Pffft, the ridiculousness that is me. I know, don’t worry – my embarrassment at myself is enough to compensate that which you feel for me; you’re probably cringing as you read this. Trust me, I know.

Moments when I actually muster the courage to admit that I own a blog, one that I’m basically devoted and have a long-term commitment(relationship) to, the follow-up question is often, “So what do you write about?” Funny, I have a hard time explaining this without cringing. It’s easy to mention the Asian pop culture stuff, but what about the part that’s about my life? My thoughts? I write about… life? My life in general? Pffft. Worse, what if I’ve written about the person who’s waiting for an answer from me, i.e. he or she is standing right in front of me? That’s when you hear the stutter in my voice and before you realize it, I’ve coolly rerouted the conversation to a different topic. These days I’m known as ‘the one who writes’ among the classmates, no thanks to my Facebook and my silly self, but the truth is, they don’t know what I write about. I don’t know what I write about either.

How and just where do I begin in admitting that I just like the act and thought of writing?

The madness of fall quarter changed a lot of things – my perspectives and how I carry myself now are two most apparent traits. I think what’s most significant though, is how it brought me back to written words. Can poetry save one’s life? My answer is a resounding yes, because I am testament. If it weren’t for the hundreds of prose and poetry that I deliberately sought after or randomly came across in the painfully long eleven weeks, I don’t know how I would’ve turned out. I don’t know if I could rise like a phoenix, the way I secretly think I have. If it weren’t for the spilled and spoken words of others, amazing writers and poets in this wide cybersphere to remind me to reclaim my own, I wonder if I would still be here with the same amount of fervor and focus.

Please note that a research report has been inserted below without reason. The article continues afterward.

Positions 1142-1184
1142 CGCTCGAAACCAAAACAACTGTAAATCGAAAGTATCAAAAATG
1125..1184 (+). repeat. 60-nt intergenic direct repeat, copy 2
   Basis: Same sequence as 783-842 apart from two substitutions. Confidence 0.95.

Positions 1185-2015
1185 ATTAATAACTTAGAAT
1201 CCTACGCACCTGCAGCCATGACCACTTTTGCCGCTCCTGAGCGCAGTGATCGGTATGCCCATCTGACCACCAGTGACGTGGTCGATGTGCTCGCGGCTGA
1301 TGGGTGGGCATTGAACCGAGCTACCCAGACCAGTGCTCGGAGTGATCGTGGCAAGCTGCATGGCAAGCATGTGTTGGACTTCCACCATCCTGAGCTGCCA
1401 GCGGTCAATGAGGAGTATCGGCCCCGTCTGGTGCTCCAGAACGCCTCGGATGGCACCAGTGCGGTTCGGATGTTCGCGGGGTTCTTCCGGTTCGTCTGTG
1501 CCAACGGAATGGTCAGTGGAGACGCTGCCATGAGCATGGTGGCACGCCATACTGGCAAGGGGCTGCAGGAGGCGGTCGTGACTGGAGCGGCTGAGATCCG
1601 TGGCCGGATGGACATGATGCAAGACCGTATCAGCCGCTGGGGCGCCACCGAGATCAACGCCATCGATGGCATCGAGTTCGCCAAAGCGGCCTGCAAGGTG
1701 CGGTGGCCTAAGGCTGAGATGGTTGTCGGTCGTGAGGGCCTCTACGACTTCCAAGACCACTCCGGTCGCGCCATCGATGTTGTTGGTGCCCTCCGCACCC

These days I realize that I am a different person than I was last summer. More importantly, I’m a different person since grad school happened and have changed so much since fall quarter – a period that’s still a blur in my heart and mind due to its sheer intensity – and along the way, naturally, my writing reflects that. My thoughts about writing are now so different, too. Above all and most significantly, my writing voice is different.

This truth, seemingly so trivial, hits me with a thousand crushing impacts. Some days it feels like it is that long road home, though most of the time it just feels like an eulogy and ode to the girl I was … and this is why I’m here, writing this. Recently I realized that I no longer care. Purpose, goals, objectives what-have-yous? Pffft. I truly, sincerely, don’t care. Not anymore. I don’t obsessively check my blog stats anymore – in fact, some days I am so caught up with schoolwork that I don’t bother to peep for a whole day – nor do I obsessively try to device ten different ways to keep regular readers and new followers. Like the certified overthinker and scientist that I am, I’ve thought about this seriously and have since come up with a number of plausible reasons.

Maybe it’s because real life is so front and center these days that time is too precious to waste over stupid, trivial things. Maybe it’s because I’ve finally grown tired of my whiny self. Maybe it’s because I’ve come to terms with the kind of writer that I am – not great – and feel totally okay about it. Maybe it’s because I realize that my waging war against grammar and verbosity is an endless losing battle. Maybe I’ve come to accept that I won’t write for a living, not ever, because as much as I love it and despite the tireless passion I feel for the craft, the truth is simple: reality. I’ve chose to commit to the profession of my choice. There is no bitter aftertaste to that, and that’s key. Maybe it’s because these days I write here because it’s fun; nothing else but. Maybe that’s that and that’s enough. Maybe that is all.